Students graduating from college typically leave with significant student loan debt. Understanding their options to manage that debt effectively is essential.
Learn about federal repayment and forgiveness programs such as time-limited payment pause, PSLF, IDR and other forgiveness options available to borrowers, along with strategies that may help save them money while paying back student loans.
Student Loans & Taxes
With student loan debt taking a significant chunk of many paychecks, reaching financial goals may seem impossible. Luckily, there are ways to make debt more manageable and potentially even have part or all of it forgiven at some point in the future.
But loan forgiveness programs come with one major caveat: forgiven debt will count as income and could create an unexpected tax bill when it’s time to settle up.
Consider whether your loans are federal or private and whether they were obtained via government channels or lenders such as Sallie Mae. In addition, find out whether they feature fixed or variable interest rates as well as what type of repayment plan applies.
Colleges and employers provide loan repayment assistance programs, while the government also offers options such as forbearance or even forgiveness for graduates working certain public service jobs.
Paying Off Student Loans
Student loans can drain your paycheck. By paying off loans early, you can reach other financial goals more quickly and improve your debt-to-income ratio when applying for mortgage or credit card financing.
If it is feasible, making payments beyond your minimum monthly installment could help accelerate repayment timeline and decrease interest costs. A student loan calculator can show you how additional payments could speed up this process and cut interest costs down significantly.
Find out if your employer offers benefits that make repaying loans more likely, or whether or not you qualify for federal loan forgiveness programs like Public Service Loan Forgiveness and Local Loan Assistance Programs. While Public Service Loan Forgiveness has become the most well-known of these, many states also provide their own versions such as Loan Assistance programs which often target specific career paths like doctors, nurses and teachers – check with the education authority in your state to discover more!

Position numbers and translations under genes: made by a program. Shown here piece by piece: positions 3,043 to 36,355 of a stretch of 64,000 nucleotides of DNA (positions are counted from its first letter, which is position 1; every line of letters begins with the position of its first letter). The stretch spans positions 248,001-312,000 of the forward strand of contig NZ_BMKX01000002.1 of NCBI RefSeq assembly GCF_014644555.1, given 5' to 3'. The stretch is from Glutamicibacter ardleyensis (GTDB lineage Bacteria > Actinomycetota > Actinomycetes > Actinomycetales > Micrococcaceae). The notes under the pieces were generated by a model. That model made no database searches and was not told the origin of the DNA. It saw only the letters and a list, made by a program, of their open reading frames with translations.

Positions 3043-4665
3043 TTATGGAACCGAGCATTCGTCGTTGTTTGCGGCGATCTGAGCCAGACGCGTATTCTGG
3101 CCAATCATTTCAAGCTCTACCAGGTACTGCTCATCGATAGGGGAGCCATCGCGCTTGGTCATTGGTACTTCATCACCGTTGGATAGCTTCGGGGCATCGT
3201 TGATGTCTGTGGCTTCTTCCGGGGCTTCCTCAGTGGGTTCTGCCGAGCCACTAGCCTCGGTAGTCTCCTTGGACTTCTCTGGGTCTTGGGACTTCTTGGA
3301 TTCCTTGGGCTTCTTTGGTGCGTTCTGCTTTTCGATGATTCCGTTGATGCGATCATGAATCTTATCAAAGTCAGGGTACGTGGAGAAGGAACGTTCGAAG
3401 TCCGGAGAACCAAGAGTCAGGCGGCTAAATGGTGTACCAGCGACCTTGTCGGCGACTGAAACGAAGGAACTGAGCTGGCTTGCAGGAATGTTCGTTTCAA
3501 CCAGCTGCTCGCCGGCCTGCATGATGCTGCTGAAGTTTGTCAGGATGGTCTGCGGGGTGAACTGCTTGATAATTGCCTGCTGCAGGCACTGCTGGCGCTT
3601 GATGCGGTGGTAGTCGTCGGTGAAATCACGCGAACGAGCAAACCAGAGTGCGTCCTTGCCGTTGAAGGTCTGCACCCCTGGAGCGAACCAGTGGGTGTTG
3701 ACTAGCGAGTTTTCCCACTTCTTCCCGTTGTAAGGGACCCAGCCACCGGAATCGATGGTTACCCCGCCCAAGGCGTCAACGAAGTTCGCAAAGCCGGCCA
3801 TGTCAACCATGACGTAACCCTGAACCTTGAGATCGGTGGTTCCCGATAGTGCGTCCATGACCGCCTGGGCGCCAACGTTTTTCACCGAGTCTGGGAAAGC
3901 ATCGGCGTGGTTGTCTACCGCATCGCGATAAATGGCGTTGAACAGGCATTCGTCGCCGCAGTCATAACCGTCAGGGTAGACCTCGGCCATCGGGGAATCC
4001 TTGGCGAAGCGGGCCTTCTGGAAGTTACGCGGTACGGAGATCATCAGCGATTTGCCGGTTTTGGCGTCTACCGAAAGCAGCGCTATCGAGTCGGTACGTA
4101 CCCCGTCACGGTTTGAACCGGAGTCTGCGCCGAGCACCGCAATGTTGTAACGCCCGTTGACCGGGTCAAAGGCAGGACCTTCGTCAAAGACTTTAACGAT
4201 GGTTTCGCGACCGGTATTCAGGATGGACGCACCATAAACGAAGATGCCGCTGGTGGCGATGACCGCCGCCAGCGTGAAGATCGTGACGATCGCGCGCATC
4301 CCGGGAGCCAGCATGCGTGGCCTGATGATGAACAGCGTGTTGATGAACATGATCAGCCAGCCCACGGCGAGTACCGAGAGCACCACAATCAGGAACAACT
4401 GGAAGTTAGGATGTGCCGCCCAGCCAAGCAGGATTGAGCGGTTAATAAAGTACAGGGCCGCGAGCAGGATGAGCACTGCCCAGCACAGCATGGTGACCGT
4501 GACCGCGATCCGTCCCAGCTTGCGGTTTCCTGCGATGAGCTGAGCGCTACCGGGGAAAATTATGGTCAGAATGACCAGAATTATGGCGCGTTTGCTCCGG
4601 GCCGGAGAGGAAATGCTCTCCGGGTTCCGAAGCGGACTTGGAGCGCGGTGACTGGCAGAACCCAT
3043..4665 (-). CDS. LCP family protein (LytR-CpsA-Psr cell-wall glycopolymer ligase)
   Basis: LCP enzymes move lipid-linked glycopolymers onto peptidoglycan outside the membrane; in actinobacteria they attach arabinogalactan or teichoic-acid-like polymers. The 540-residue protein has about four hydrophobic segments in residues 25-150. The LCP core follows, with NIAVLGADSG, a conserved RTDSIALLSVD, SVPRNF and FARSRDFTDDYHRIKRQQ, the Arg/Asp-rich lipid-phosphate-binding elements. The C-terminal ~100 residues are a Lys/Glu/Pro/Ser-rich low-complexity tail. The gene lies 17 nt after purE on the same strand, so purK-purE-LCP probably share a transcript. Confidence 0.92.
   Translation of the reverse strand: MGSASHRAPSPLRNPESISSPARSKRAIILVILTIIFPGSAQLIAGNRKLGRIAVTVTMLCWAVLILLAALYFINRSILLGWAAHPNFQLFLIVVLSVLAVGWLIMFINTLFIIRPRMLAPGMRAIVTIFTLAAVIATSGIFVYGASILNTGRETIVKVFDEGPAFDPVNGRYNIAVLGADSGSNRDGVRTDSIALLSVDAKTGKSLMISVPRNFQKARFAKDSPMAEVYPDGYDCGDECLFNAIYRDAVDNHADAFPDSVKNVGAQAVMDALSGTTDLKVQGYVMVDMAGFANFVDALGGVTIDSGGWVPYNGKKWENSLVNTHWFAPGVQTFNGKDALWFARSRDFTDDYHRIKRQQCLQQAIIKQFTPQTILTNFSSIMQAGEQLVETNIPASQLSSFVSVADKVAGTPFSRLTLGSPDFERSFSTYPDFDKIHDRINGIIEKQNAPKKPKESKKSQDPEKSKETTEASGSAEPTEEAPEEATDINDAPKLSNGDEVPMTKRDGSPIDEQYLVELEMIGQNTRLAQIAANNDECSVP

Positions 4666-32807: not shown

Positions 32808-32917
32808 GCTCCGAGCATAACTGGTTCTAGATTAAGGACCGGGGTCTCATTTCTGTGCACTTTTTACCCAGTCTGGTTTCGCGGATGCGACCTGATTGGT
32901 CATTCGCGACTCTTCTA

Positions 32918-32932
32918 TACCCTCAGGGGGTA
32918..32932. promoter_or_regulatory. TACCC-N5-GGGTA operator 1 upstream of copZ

Taxes on Student Loans
If you have student loans, loan forgiveness could be available. But before taking advantage of this benefit, make sure you understand how it will impact your state income tax return – this depends on whether the loans were federal or private and whether their balances were forgiven under specific programs such as Public Service Loan Forgiveness.
Federal borrowers enrolled in income-driven repayment plans — which calculate monthly payments based on income — should be fine; those not participating could be caught off guard by state income tax bills, according to CNBC.
Good news is that most states with income taxes adhere to federal definitions of taxable income and do not consider forgiven student debt earned income, such as Mississippi and North Carolina. Therefore, it’s wise to consult an expert about your individual circumstances – Laurel Road consultants can review loan histories and assist in creating plans to address them.
As there are several loan forgiveness options available to help manage your debt, such as deferments, income-based repayment plans and student loan forgiveness programs, it may help ease your burden of debt. Extending your term may reduce monthly payments while increasing total interest costs over time.
As well as federal loan forgiveness programs, state programs also offer loan assistance or forgiveness. While such initiatives often target medical professions and teachers in low-income communities, other professionals may benefit as well.
An alternative option is setting up automatic payments with your lender, which can help prevent late fees and protect your credit score from becoming damaged by late fees and missed payments. Failing to repay debt could have lasting repercussions and hinder future loan applications or mortgage applications, so it is wise to stay current on student loan repayments while building an emergency fund in case job loss or unexpected expenses occur.